Exercise addiction and anorexia had caused 33-year-old Rebecca Quinlan to be in intensive care, where she was tube-fed to stay alive. She was admitted to an eating disorder clinic after her hospital stay, but it was ineffective. She would wake up at 5 a.m. crying and running uncontrollably back and forth in her kitchen, quietly, to hide from her parents the fact she was pathologically exercising.
“That was probably my lowest point,” Quinlan, who resides in Essex, England, says. “I’d go to bed dreading the next day because I knew what was going to happen. It was just going to be a day of exercise and mental torture.”
It wasn’t until Quinlan’s third admission to the hospital that she was discharged under a community treatment order, which provided her with specific goals, a weight she was not able to go below, a supportive community and therapy that saved her life.
[READ: 10 Signs of Addiction.]
A Healthy Habit Pushed to Extremes
Dr. Anna Lembke is a professor of psychiatry at Stanford University School of Medicine and chief of the Stanford Addiction Medicine Dual Diagnosis Clinic. She says that exercise is backed by research as one of the most important routines we can establish for our overall health. It is even well-documented that exercise helps to prevent and treat addictions, such as drug addictions. However, exercise taps into the same neural pathways as drugs by producing the chemical dopamine, which makes us feel good. As a result, in some cases, exercise can actually lead to an addiction.
“Research shows that exercise slowly increases dopamine levels over the course of the activity, and it often remains elevated for hours afterwards,” Lembke says. “But too much exercise causes physical, social, emotional distress, and when it’s compulsive and extreme, can exhaust the brain’s ability to continue to make dopamine. This is probably what happens to some extent with overtraining syndrome.”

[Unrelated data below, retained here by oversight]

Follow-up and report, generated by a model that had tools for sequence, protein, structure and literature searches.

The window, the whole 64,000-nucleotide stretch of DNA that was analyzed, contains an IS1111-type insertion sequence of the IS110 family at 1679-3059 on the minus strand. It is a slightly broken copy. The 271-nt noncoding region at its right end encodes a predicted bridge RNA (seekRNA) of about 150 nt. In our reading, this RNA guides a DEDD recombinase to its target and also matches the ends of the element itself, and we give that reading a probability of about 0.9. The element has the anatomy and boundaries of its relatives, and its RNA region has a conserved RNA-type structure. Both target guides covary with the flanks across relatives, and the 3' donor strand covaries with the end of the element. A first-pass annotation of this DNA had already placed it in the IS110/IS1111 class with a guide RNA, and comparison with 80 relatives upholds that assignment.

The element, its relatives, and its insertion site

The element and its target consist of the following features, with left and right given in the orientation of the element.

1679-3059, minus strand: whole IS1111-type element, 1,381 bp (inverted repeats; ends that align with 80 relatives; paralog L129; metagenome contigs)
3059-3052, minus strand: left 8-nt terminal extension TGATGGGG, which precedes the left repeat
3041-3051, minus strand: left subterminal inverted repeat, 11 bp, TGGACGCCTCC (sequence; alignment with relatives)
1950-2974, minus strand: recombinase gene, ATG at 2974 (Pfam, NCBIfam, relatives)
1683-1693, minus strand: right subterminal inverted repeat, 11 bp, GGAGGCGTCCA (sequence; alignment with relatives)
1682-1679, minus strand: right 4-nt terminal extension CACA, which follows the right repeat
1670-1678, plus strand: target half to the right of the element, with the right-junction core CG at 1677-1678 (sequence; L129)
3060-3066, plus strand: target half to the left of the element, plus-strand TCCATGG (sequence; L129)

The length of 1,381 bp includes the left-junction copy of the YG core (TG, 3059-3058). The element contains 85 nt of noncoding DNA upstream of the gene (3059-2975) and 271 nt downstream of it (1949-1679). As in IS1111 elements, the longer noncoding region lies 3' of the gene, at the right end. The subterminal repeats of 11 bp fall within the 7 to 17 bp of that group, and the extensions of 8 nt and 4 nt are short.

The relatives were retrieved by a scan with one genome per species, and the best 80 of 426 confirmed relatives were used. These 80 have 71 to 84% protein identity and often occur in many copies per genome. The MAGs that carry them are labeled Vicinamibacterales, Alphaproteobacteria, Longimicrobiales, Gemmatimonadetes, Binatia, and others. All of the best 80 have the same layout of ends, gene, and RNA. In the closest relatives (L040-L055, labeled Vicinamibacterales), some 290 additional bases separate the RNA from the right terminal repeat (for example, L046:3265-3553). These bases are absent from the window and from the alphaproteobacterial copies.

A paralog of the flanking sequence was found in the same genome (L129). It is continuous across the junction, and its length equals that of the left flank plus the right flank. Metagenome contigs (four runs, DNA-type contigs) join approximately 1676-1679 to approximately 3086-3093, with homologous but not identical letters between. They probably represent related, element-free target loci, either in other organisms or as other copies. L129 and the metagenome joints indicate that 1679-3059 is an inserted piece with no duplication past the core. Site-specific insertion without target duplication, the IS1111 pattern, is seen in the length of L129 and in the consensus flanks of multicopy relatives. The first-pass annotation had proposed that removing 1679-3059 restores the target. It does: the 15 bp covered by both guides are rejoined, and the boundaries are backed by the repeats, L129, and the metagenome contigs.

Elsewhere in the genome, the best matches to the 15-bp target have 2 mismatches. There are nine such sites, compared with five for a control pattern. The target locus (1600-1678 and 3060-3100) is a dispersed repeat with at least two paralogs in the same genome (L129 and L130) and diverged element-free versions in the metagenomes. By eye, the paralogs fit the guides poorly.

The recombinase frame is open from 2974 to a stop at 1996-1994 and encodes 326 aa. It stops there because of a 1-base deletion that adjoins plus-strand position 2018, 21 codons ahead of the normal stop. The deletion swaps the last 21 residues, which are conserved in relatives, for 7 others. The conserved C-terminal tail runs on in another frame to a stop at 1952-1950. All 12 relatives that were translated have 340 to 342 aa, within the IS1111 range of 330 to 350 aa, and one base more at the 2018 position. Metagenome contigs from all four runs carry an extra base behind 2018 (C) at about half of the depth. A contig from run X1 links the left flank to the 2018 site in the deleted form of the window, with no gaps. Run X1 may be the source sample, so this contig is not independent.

A Potentially Life-Threatening Addiction
Lembke says that exercise addiction is not recognized in the Diagnostic and Statistical Manual of Mental Disorders, and therefore data and the number of people affected by it is not well known. In her book “Dopamine Nation,” she unpacks exercise research involving running wheels in animal models. In these studies, some mice compulsively exercise until their tails are permanently curved up in the shape of the running wheel, and others will exercise until they die.
According to Lembke, the most obvious symptom of exercise addiction is if you’re hurting yourself. Other signs of addiction are if the behavior is consuming so much time that you’re not present for your family and friends. You become compulsive about that stimulus, and nothing else is pleasurable.
Quinlan’s addiction to exercise strained her relationships with friends and family. She would often choose exercise over socializing with friends. And her family insisted on being with her when she walked obsessively, which disrupted their lives.
“They would be desperate for me not to exercise, but I would ignore them,” Quinlan says. “I would just be marching around the streets, and my mom would be running to try and keep up with me. I would turn down going anywhere or doing anything if it meant affecting my exercise regime.”
[READ: Mental Benefits of Exercise.]
Technology and a Culture of Excessive Competition Fuels Obsession